My journey to triathlon and the significance of my race number for
the 2012 Avia Wildflower Long Course race began when I was a kid.
From around second grade, I struggled with my weight. I was always
self-conscious and worried that people were judging me not by who I was
but by what I was, which simply put was a fat kid. In high school I was
still self-conscious but being a football player it was accepted by not
only me but my family. My senior year my playing weight was in the area
of 315 pounds and I’m 5’11”.
After high school I had a full ACL reconstruction while also
going away to college. The pizza and beer being compounded by the
inactivity except for physical therapy took its toll. I ballooned and
the last weight I saw was 336 pounds after which I stopped getting on
the scale. At the Age of 19 I was hypertensive and pre-diabetic. When I
learned that I was risking diabetes I decided to change my life for the
better. I joined up with Kennedy Club Fitness (KCF) in San Luis Obispo
and started working out. I managed to get myself down to 286 pounds and
that was enough to get me away from diabetes and off the medications.
However, I was still self-conscious and felt like I was literally a
prisoner in my own body.
I would be lying if I said that dark thoughts never crossed my mind, the
feelings of isolation and helplessness are two things I will never
Today I am a highly competitive triathlete, slowly trying to make it up in the triathlon world. I swim, bike, and run a total of about 15 hours per week. But I haven't always been the competitive triathlete that I am today. I haven't always been racing against time trying to beat a PR or earn a podium spot in my age group. Before I discovered the world of triathlon, I was competing in hand-to-hand combat in the kickboxing ring.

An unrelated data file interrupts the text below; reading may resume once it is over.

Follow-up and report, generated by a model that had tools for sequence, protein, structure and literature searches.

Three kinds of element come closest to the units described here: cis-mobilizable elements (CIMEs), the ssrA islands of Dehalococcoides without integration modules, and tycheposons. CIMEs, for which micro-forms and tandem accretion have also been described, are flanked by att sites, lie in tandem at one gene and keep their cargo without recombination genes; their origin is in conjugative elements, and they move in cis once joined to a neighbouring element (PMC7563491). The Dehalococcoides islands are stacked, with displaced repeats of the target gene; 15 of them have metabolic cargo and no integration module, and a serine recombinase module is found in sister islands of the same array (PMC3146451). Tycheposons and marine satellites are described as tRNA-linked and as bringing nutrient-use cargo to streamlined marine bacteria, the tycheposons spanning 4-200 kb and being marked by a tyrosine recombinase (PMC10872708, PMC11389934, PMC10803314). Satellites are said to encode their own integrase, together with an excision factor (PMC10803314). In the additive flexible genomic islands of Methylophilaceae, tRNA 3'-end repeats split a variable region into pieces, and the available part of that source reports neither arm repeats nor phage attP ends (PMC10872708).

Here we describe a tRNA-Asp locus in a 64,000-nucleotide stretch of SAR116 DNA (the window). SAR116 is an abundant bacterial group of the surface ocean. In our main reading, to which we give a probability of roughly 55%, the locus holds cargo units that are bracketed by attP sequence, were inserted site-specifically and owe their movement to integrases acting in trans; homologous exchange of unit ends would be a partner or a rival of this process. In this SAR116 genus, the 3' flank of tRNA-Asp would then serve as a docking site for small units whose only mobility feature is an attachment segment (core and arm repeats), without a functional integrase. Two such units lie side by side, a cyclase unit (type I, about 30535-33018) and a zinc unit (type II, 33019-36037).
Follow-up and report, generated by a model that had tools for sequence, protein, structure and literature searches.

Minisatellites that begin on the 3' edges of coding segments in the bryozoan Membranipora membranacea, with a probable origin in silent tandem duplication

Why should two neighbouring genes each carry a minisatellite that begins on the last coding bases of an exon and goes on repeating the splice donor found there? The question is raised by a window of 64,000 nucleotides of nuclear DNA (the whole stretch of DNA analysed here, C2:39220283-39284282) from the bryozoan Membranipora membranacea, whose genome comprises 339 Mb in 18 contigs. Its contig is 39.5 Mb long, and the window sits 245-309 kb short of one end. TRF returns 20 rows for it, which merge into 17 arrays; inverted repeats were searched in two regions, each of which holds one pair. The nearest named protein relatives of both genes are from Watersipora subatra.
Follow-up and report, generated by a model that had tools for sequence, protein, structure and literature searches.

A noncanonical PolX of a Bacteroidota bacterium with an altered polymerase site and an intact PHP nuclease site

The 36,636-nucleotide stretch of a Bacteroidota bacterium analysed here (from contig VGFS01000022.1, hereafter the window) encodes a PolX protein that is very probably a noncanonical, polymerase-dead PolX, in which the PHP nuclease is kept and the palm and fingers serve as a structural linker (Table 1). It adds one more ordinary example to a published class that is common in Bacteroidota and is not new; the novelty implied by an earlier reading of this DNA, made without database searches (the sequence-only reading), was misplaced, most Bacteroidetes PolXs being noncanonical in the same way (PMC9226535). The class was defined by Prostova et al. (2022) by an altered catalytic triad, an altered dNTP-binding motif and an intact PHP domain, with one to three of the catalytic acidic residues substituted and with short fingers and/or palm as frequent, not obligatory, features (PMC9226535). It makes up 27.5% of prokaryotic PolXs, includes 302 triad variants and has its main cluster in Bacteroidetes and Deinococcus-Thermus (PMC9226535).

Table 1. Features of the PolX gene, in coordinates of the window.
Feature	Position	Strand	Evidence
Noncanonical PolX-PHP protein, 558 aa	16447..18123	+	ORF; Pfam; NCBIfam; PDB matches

Ahh race day. All of the preparations you have made for weeks and
months in order to be in your best shape physically and mentally pay-off
today. You have run the race over and over in your mind, thinking of
every scenario, visualizing yourself through it all. Your tri-bag is
packed with all of the tools that will make today a success. You have
brought your A-game.
This was my first experience with Wildflower, and it did not disappoint on any level! Friends tried to get me to race last year, but I chickened out, even when told “you have to experience Wildflower, it’s so much more than a race!” I held back. Well this year I figured, 30th Anniversary, promise of fun, promise of an easy race … oh wait, promise of a really hard race…how could I go wrong?
In this blog entry, I want to stress the importance of riding hills prior to racing the treacherously hilly and daunting Wildflower bike course. I also would like to give some helpful hints to having a successful bike section of the race. I have always lived by the training strategy that if I have practiced something that's harder than what I'm going to see on race day, then, come race day, I should be good to go.